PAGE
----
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Police officers examined for AU peace missions

By Nicholas Wassajja

Added 4th April 2018 11:46 AM

"Those that qualify for the interview must be attested members of the police force and not be on probation served at least for five years."

Police officers examined for AU peace missions

"Those that qualify for the interview must be attested members of the police force and not be on probation served at least for five years."

(Credit: AFP)

SECURITY


To prepare for deployment in peace keeping missions across Africa, over 587 police officers have been subjected to the African Union (AU) Pre-Assessment for Assistance Mission service (AMS) exam at Nsambya Youth Sharing Hall in Kampala.

According to the Director Peace Support Operations, AIGP Grace Turyagumanawe, the set of exams is also meant to prepare officers for advanced examinations to compete internationally.

"It is among these candidates that we select qualified officers for deployment in any peace mission in Africa," he said.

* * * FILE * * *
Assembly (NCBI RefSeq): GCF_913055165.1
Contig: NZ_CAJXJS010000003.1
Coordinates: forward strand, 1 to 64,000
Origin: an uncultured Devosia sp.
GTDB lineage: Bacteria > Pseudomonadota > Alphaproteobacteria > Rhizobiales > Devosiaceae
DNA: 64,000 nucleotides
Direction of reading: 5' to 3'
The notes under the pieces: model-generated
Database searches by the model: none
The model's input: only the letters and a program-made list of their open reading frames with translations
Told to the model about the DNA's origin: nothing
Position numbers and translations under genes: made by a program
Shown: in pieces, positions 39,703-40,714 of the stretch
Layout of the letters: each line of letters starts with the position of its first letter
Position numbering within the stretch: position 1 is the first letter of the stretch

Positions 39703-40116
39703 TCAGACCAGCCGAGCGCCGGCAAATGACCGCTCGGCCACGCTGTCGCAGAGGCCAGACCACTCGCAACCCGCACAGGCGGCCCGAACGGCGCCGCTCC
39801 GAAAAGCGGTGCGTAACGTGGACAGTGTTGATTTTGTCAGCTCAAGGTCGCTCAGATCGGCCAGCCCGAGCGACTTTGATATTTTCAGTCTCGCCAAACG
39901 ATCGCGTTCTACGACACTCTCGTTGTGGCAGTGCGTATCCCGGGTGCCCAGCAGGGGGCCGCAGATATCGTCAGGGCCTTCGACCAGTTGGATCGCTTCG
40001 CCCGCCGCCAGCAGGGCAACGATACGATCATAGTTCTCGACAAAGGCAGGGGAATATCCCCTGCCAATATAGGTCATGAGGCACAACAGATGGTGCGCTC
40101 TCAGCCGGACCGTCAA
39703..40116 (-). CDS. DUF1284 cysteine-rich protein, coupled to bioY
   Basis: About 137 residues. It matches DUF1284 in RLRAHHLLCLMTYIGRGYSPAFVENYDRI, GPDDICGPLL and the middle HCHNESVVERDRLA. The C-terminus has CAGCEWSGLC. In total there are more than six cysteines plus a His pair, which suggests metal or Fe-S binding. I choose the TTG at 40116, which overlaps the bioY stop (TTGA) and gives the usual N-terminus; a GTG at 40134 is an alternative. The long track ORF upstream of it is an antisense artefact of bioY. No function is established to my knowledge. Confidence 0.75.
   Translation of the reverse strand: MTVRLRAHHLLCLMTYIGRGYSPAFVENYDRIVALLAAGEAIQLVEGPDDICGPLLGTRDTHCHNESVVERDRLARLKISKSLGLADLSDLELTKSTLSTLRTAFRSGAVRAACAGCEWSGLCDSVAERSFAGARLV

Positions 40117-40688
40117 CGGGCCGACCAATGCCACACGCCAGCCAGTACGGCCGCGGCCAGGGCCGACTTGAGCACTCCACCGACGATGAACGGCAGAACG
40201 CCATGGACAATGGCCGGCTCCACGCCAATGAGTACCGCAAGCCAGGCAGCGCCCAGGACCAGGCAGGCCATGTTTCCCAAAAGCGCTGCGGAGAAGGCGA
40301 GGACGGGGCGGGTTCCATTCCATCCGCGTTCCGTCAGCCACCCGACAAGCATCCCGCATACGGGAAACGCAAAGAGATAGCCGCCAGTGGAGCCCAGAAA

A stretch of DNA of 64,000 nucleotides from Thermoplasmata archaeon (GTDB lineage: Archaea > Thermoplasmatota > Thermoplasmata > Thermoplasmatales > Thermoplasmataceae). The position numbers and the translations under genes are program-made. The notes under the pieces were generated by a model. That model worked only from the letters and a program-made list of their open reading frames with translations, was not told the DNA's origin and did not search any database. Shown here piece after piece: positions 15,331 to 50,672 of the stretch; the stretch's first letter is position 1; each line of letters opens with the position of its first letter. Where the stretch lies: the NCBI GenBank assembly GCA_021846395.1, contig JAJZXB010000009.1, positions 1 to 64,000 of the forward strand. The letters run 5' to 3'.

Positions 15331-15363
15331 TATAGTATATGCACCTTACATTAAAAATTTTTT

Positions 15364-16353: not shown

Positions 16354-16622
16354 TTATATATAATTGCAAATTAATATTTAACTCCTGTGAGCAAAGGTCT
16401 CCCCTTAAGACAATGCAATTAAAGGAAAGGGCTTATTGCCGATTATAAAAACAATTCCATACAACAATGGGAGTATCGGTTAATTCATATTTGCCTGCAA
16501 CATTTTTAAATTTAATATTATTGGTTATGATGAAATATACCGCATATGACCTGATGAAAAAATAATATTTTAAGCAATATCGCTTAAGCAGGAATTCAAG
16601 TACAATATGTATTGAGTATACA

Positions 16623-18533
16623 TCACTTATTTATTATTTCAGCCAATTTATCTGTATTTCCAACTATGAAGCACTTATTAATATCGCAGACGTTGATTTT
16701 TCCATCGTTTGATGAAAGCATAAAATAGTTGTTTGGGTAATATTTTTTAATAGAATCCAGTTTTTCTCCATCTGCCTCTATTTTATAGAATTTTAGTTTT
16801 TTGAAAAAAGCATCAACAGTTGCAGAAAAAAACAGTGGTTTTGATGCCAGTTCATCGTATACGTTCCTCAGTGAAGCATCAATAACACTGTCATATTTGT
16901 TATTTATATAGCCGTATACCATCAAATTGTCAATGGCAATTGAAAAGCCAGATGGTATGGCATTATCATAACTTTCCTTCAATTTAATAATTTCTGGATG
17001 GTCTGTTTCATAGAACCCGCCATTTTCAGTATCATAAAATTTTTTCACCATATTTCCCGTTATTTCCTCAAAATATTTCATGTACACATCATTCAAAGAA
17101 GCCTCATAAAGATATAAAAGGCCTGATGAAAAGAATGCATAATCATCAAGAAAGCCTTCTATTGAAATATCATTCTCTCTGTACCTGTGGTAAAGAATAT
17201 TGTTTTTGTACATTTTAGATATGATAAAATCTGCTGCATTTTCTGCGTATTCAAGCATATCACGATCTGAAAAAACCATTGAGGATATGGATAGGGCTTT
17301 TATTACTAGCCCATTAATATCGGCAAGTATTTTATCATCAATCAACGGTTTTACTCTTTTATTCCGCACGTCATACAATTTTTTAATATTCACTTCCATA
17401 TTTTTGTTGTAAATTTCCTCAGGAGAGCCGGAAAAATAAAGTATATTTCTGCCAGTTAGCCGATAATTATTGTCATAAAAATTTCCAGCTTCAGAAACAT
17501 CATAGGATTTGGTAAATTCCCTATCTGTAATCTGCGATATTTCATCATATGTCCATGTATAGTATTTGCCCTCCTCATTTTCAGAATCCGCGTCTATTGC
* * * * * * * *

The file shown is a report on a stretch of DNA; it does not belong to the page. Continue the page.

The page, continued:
"Those that qualify for the interview must be attested members of the police force, not be on probation served at least for five years and with no any acts of indiscipline in their files, a valid driving permit and a passport," Turyagumanawe added.

Last year, about 160 police officers were deployed in the African Union Mission in Somalia after undergoing training and testing for peacekeeping.

Although Uganda has been engaged in several military operations in a number of neighboring countries, its police force deployment to foreign missions has been to Somalia since 2012.

The Uganda Peoples Defence Force (UPDF) is the largest contributor to AMISOM.

The police officers are drawn from counter terrorism, medical, engineers, and public order management to support Somali authorities in enforcing law and order and train local forces as back up for military operations.

Turyagumanawe highlighted the fact that most of the missions for deployment are high risk areas but added that in return, Uganda's officers gain international policing experience.

The continent currently battles a wide range of security threats including civil wars and terrorism, which heighten the refugee crisis.

It is upon that backdrop that the African Union is compelled to prepare specialised personnel to intervene with the view of causing political stability.

 

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